Localization, Localisation

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Cheap Translation Tech: Who does What…and for How Much?

Posted by Nick Peris on August 24, 2010

Rolling out old tools

Recession-buster CAT tool prices? Low-cost TM Tech? Scrappage scheme on Translation tools older than 2 years?

Subscription-based software rental or money-mental discount on SaaS?

No, the marketing slogans in the Translation Software industry haven’t been quite that exuberant. Yet the cash flow worries experienced by all the Translation Technology providers, have generated a certain amount of creativity especially when it comes to pricing. So if you’re on the market for a new CAT Tool, you should probably ask yourself: “Where is the best value for my discount?”

Clichés about the dark days we live in abound (including in this article…), and it is clear that no one would part lightly with hard-earned cash to buy a Translation Memory technology license. The truth is one can get such technology for as little as €0 and about as much as one has to spend. This may always have been the case, but what I think has changed is that market leaders can no longer rely on reputation, exposure and existing market penetration to comfortably roll-out the next generation of expensive technology.

Differentiating by offering compelling technological advances is no longer a bullet-proof strategy either. There are plenty of talented tool developers around who are ready to offer imaginative solutions for a modest fee. Features such as mobile phone-like predictive text will not prompt anyone to spend thousands, or even hundreds of Euro.

In fact, mainstream TM technology with all its bells and whistles is facing a problem similar to that of the automobile industry: the multitude of options and gadgets inflating the price of applications with constant update and patch requirements has left the market wide open for a good value yet sturdy alternative.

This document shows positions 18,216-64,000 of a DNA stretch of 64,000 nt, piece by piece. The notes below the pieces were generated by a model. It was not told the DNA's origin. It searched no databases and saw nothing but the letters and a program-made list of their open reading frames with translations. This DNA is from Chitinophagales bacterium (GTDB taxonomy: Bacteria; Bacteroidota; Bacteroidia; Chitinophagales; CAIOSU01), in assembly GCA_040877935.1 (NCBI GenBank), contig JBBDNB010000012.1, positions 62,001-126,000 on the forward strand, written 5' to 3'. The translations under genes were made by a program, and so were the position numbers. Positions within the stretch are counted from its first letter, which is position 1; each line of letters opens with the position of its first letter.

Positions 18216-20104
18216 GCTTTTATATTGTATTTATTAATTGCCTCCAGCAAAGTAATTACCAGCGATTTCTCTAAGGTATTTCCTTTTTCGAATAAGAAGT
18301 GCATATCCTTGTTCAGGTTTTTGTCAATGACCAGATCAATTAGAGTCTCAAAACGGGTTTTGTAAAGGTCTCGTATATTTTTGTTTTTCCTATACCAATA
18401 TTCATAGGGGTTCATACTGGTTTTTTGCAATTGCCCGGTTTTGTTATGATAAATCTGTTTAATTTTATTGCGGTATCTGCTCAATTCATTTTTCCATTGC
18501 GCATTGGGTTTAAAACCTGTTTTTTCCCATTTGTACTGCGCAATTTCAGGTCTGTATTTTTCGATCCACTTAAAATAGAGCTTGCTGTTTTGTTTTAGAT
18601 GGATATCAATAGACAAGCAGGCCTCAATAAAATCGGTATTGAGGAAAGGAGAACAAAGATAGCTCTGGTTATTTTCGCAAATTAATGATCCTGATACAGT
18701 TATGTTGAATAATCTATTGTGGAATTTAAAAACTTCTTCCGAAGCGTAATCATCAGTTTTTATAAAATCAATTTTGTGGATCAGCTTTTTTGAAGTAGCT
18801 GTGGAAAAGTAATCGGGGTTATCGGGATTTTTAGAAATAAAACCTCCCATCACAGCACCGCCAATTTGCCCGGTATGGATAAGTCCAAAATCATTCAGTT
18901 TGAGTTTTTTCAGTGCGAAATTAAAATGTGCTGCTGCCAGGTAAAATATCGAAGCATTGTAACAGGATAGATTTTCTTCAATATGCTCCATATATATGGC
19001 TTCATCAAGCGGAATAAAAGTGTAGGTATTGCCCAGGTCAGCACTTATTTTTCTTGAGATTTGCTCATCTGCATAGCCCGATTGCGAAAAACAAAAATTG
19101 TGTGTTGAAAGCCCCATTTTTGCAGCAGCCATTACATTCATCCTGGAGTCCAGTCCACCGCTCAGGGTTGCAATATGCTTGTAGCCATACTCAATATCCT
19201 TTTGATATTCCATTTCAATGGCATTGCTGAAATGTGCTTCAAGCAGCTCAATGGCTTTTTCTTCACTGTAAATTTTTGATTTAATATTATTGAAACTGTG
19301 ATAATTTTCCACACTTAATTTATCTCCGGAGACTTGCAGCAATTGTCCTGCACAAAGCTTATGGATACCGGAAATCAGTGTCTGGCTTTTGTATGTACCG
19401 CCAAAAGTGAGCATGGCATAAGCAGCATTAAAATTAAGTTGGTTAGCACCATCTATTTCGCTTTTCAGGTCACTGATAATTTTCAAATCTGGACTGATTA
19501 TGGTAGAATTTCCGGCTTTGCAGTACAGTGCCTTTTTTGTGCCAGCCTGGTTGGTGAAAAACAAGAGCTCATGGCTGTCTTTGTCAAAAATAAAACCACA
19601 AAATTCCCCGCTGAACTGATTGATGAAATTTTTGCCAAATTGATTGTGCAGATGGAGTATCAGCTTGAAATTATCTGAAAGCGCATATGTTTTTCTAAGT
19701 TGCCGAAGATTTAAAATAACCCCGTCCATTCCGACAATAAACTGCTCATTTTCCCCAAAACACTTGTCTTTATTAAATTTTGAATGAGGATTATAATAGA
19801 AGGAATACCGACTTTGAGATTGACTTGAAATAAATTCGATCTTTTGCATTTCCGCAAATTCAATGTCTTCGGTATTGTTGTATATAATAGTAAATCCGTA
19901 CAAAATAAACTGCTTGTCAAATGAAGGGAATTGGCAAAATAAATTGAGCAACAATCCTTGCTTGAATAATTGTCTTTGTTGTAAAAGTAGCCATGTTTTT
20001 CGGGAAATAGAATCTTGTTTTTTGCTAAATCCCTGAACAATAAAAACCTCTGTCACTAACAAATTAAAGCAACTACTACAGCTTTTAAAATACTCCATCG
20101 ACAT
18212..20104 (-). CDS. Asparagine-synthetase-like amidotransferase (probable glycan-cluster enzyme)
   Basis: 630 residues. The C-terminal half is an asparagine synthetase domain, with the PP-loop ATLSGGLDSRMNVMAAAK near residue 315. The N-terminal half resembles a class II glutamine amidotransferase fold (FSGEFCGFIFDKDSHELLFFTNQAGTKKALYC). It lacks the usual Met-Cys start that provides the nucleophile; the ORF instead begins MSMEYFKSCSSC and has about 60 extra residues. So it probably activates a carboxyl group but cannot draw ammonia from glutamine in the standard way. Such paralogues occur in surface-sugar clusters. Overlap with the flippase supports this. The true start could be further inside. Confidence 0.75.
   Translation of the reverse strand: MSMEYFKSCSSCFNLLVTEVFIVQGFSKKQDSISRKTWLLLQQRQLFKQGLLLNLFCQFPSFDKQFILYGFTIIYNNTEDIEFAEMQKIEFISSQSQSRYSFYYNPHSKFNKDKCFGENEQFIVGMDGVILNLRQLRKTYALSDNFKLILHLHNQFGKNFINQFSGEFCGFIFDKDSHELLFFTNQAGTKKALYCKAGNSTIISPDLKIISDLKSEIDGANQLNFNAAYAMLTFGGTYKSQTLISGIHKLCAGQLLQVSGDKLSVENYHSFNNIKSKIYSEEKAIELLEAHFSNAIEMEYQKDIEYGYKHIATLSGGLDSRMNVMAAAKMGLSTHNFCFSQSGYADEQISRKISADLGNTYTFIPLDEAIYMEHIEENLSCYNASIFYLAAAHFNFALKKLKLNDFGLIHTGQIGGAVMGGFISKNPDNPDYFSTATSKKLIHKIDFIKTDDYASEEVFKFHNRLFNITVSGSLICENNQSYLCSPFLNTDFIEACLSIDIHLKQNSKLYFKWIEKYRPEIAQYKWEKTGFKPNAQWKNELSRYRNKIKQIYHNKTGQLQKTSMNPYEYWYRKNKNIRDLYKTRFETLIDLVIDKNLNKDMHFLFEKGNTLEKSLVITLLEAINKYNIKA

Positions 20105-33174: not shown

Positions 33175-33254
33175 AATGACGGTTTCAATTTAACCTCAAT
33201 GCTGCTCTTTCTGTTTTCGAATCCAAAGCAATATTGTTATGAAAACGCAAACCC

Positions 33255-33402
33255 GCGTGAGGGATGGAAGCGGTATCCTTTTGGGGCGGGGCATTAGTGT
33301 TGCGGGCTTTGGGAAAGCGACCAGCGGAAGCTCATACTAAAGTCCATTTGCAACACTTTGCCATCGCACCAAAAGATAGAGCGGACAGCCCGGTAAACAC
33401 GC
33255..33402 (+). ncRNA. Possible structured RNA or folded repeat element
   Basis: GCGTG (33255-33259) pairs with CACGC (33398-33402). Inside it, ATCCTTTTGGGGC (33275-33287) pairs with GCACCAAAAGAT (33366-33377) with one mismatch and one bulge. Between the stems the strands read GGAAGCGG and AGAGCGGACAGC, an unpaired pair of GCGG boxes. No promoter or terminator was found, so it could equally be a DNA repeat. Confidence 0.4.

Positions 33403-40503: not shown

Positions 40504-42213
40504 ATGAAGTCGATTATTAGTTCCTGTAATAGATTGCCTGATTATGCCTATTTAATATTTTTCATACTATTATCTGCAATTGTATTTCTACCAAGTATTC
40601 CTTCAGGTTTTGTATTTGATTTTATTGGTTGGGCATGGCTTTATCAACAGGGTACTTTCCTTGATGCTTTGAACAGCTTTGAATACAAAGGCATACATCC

Though it is not a complete answer, a low-cost market for TM tech is developing as a consequence. Freelancers, Agencies and Corporations alike are no longer willing to spend on expensive licenses to buy software which will be outdated within a year or two. So offers started appearing where the license itself has an expiry date. Pay for a year and then decide what to do: renew, upgrade or move on.

The concept of software rental was set to run further of course: complete with the advances in software hosting, Cloud-computing, where the users connect to the application over the internet and does not need to install or setup anything on their own machine, it became SaaS: Software-as-a-Service. This is a trend much bigger than the Translation software industry alone, which offers many advantages such as seemless updates and crucially regular cash-flow for the provider. It also requires an important shift in the mentalities where ownership of the tool isn’t transferred to the Translator, while the ownership of the translation produced with it must remain with them.

All this put together means that we may have reached a fork in the road after which licensing models will be transformed: but which way will they go?

    Starter Edition, Translation Workspace, MemoQ, Deja Vu, Across, Wordfast

  • the unglamorous route of feature-reduced time-limited ownership
  • or the controversial path of rental, or Software-as-a-Service.

Both options at this point show serious limitations. The reaction of Professional Translators could be described as luke-warm at best. On one hand entry-level traditional licenses are too limiting to users who already own a fully-fledged copy of a previous version. On the other software rental has not yet earned the trust of the user-base, concerned with intellectual property questions and confusing price structures.

The table on the right-hand side (click to expand) highlights the strengths and weaknesses of some of these subscription-based low-cost CAT tools:

One thing I hope is sure: the days of paying hundreds of Euro for entry-level licenses are over in our industry, and that has to be a good thing.

If you are due an upgrade, it is most likely that there are good deals to be had on your favorite software provider’s site. If you are looking to invest in your first entry-level CAT tool however, spend some time analyzing your needs against what is on offer. Entry prices may be low, but the value and limitations varies widely from one tool to the next.

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